Despite all its motorsport pedigree and the fact it was taking over the title-winning Mercedes team, the brand new McLaren Formula E operation was never realistically expected to win in its first season.
But it nevertheless must already be looking to the next homologation phase in Formula E after a largely moribund first campaign with Nissan power.
Its options, though, could be limited right up until the Gen4 rules set for the 2027 season come into play. That won’t stop its leaders Ian James and co-owner Zak Brown from exploring all avenues of interest, which may also include manufacturers new to Formula E.
It became clear to James, and his 2021 and 2022 title-winning squad, that there were degrees of incompatibility in the alliance it has forged with Nissan. That is undeniable after an end to the season in which McLaren gained just 16 points from the final half of the calendar.
To put that into perspective, the bottom-ranked team Abt Cupra scored the same amount over that period. NIO 333, which was one place behind McLaren in the teams’ standings and 46 points adrift over the full season, outscored it by six over the last eight races.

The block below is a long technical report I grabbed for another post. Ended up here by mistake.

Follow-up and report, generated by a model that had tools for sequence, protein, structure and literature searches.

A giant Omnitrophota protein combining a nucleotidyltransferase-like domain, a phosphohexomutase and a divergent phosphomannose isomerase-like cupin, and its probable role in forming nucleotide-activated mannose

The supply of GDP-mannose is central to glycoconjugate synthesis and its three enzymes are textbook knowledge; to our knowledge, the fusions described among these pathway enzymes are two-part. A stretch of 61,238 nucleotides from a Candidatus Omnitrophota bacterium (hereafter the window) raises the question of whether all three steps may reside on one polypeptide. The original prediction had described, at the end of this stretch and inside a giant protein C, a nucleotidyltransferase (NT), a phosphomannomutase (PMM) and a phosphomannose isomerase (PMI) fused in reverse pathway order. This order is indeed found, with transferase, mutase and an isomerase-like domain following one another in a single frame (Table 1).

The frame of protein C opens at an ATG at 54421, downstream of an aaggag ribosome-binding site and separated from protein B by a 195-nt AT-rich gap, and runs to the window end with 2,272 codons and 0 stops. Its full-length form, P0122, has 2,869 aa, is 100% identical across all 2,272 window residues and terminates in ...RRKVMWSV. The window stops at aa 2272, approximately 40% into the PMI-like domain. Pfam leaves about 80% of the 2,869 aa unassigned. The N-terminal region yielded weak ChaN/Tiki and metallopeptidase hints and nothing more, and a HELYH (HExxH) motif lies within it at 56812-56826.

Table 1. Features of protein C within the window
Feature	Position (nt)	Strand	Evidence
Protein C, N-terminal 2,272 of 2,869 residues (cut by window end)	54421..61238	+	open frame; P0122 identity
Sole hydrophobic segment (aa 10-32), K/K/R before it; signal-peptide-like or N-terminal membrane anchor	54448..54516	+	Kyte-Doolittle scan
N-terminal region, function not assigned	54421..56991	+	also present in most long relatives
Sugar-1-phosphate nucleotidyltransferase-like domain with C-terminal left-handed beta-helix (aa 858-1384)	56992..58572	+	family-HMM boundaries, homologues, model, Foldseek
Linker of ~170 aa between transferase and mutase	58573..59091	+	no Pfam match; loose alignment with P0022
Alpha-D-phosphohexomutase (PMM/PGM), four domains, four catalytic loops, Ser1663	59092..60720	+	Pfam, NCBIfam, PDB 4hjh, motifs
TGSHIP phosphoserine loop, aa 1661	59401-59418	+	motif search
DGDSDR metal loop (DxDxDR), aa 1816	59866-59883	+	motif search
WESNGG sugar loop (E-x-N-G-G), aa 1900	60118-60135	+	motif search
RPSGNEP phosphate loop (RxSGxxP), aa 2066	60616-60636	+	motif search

Although publicly the partnership between McLaren and Nissan appears strong, the discrepancy in cultures between the two entities could ensure that this deal is a brief one, with the possibility that it will cease at the end of next season.
It is unlikely that McLaren will become a Formula E manufacturer in its own right in the foreseeable future, although according to Brown it is “something that we’ve spoken about”.
The main reason why that is just lip service at present is because of the financial constraints around that level of commitment for McLaren, an organisation that already has programmes in Formula 1, IndyCar, Extreme E and Formula E, while there also festers a clear ambition to take the company back to Le Mans, probably for 2026.
“For us as a manufacturer, it’s a challenge financially for us to make…
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